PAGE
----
Thessaloniki Macedonia (ancient kingdom)  Greece 315 BC[citation needed] Greek city. Founded as a new city in the same place of the older city Therme.
Berat Macedonia (ancient kingdom)  Albania 314 BC[citation needed] Founded[150] by Cassander as Antipatreia.
Barcelona (as Barkeno) Iberia  Spain 3th century BC[citation needed] Unknown origin. Several neolithic tombs (5000–4500 BC) and remains from the Iberian period have been found, as well as several drachma coins inscribed with the word "Barkeno". The first archaeological remains of buildings are from the Roman period.
Belgrade Illyria  Serbia 279 BC[151] The present day territory of Belgrade continuously inhabited for more than 7000 years. Proto-urban Vinča culture prospered around Belgrade in the 6th millennium BC. The fortified city of Belgrade founded around 279 BC as Singidunum.
Niš Illyria  Serbia 279 BC[citation needed] Founded as Navissos. Neolithic settlements date to 5000–2000 BC.
Matera Latium  Italy after 251 BC[152] The town of Matera was a founded by the Roman Lucius Caecilius Metellus in 251 BC who called it Matheola.
Cartagena (as Carthago Nova) Iberia  Spain 228 BC[citation needed] Carthaginian colony, founded by Hasdrubal Barca.
Tarragona (as Tarraco) Iberia  Spain 218 BC[citation needed] Roman colony, founded by Gnaeus and Publius Cornelius Scipio.
Stobi/Gradsko Macedonia  North Macedonia 217 BC[citation needed] Founded as Stobi by Philip V of Macedon.
Bratislava Pannonia  Slovakia 2nd century BC[citation needed] Founded by Celtic Boii tribe. The first written reference to a Slavic settlement dates to 907.
Valencia Iberia  Spain 138 BC Roman colony founded as Valentia Edetanorum.
Sremska Mitrovica Illyria  Serbia 1st century BC[citation needed] Founded as Sirmium. Neolithic settlements date to 5000 BC and are with other archeological findings evidence to continuous habitation.
Smederevo Illyria  Serbia 1st century BC[citation needed] Founded as Semendria.
Ptuj Pannonia  Slovenia 1st century BC[citation needed] Ptuj is the oldest city in Slovenia. There is evidence that the area was settled in the Stone Age. In the Late Iron Age it was settled by Celts. By the 1st century BC, the settlement was controlled by Ancient Rome.
Évora Lusitania  Portugal 53 BC (Roman conquest)[citation needed] Evidence of Lusitanian settlement prior to Roman occupation.
Paris Lutetia  France 52 BC[citation needed] Archaeological evidence indicates human habitation as early as 4200 BC.[153] During the Gallic Wars, Caesar's armies set fire to Lutetia "a town of the Parisii, situated on an island on the river Seine."[154] While only a garrison at best on the Île de la Cité during some periods after 1st and 2nd century, was renamed Paris in 360 AD[155][156]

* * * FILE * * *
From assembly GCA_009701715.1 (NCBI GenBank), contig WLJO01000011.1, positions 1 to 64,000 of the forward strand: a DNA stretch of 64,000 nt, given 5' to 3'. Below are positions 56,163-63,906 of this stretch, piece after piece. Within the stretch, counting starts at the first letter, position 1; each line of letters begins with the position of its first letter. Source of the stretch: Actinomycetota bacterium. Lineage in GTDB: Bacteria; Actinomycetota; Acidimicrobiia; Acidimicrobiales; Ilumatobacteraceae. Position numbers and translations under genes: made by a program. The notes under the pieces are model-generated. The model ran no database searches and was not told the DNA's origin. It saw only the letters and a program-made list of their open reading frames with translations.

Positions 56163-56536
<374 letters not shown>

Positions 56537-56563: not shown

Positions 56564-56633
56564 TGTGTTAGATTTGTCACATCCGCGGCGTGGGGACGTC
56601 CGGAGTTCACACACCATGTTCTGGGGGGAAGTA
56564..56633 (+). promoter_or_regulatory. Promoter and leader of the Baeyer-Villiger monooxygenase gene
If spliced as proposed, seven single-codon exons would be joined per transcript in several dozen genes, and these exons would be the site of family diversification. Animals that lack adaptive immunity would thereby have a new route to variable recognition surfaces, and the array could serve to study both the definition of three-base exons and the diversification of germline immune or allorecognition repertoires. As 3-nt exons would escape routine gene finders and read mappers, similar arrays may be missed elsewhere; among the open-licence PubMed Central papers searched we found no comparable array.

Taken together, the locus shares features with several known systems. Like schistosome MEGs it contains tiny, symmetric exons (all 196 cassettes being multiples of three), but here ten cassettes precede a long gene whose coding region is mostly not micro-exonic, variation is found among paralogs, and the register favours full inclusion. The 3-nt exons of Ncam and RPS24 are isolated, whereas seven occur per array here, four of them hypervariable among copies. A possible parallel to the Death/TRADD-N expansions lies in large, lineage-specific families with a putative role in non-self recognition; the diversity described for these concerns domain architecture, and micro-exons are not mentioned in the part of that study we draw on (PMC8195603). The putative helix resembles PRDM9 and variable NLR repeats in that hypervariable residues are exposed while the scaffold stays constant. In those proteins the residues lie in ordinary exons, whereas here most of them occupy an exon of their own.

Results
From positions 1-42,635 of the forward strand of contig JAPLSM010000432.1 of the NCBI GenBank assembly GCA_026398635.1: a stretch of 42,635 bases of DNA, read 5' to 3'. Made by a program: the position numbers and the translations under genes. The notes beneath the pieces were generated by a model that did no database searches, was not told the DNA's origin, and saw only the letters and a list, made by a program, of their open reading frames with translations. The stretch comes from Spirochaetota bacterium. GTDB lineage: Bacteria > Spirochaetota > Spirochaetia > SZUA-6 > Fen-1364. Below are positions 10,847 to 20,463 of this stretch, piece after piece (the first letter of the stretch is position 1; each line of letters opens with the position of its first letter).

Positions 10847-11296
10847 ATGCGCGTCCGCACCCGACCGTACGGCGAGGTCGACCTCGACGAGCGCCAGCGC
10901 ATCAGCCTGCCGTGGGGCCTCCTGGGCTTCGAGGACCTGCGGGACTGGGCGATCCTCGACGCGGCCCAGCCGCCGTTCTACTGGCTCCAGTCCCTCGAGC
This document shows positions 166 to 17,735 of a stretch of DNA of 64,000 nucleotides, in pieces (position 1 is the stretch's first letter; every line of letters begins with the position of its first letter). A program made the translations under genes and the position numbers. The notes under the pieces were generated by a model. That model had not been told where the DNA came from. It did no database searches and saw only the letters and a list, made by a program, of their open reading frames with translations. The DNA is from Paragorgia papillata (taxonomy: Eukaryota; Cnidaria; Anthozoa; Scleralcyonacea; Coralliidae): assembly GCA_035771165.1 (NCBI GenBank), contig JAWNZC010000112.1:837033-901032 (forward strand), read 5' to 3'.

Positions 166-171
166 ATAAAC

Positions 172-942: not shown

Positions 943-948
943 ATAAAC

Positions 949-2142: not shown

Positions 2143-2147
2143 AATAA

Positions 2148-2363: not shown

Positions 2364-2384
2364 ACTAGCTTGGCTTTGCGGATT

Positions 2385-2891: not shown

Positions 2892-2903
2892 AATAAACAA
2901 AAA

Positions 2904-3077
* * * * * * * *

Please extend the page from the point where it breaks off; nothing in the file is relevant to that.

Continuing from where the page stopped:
Zürich (Lindenhof) Gaul   Switzerland c. 50 BC[citation needed] Lakeside settlement traces dating to the Neolithic.
Cologne Germania Inferior  Germany 38 BC[citation needed] Founded in 38 BC by the Ubii, a Germanic tribe, as Oppidum Ubiorum. In 50 AD, the Romans adopted the location as Colonia Claudia Ara Agrippinensium and the city became in 85 AD the capital of the Roman province "Germania Inferior".
Trier Gallia Belgica  Germany 30 BC[citation needed] Oldest Roman city in Germany.
Lugo Gallaecia  Spain c. 25 BC Lucus Augusti was founded in 25 BC under the order of the emperor Augustus.
Cáceres Lusitania  Spain c. 25 BC There have been settlements near Cáceres since prehistoric times. Evidence of this can be found in the caves of Maltravieso and El Conejar. The city was founded by the Romans in 25 BC.
Mérida Lusitania  Spain c. 25 BC Emerita Augusta was founded as a Roman colony in 25 AD under the order of the emperor Augustus to serve as a retreat for the veteran soldiers (emeritus) of the legions V Alaudae and X Gemina. The city, one of the most important in Roman Hispania, was endowed with all the comforts of a large Roman city and served as capital of the Roman province of Lusitania since its founding and as the capital of the entire Diocese of Hispania during the fourth century.
Nijmegen  Netherlands c. 17 BC[citation needed] Oldest city in the Netherlands.
Augsburg Raetia, Roman Empire  Germany 15 BC Third oldest city in Germany after Cologne and Trier. Located in the Swabian region of Bavaria. Founded by the Romans as Augusta Vindelicorum.
Chur Raetia Prima   Switzerland 15 BC[citation needed] habitation since the 4th millennium BC (Pfyn culture).
Worms Germania Superior  Germany 14 BC[citation needed] The name of the city derives from the Latin designation Borbetomagus which is of Celtic origin.
Skopje Macedonia (Roman province)  North Macedonia 13–11 BC Founded in the time of Roman Emperor Octavian Augustus as Scupi.
Strasbourg Germania Superior  France 12 BC First official mention as the Roman camp of Argentoratum. The area had been populated since the Middle Paleolithic.[157]
Tongeren Germania Inferior  Belgium 10 BC[citation needed] Oldest city in Belgium.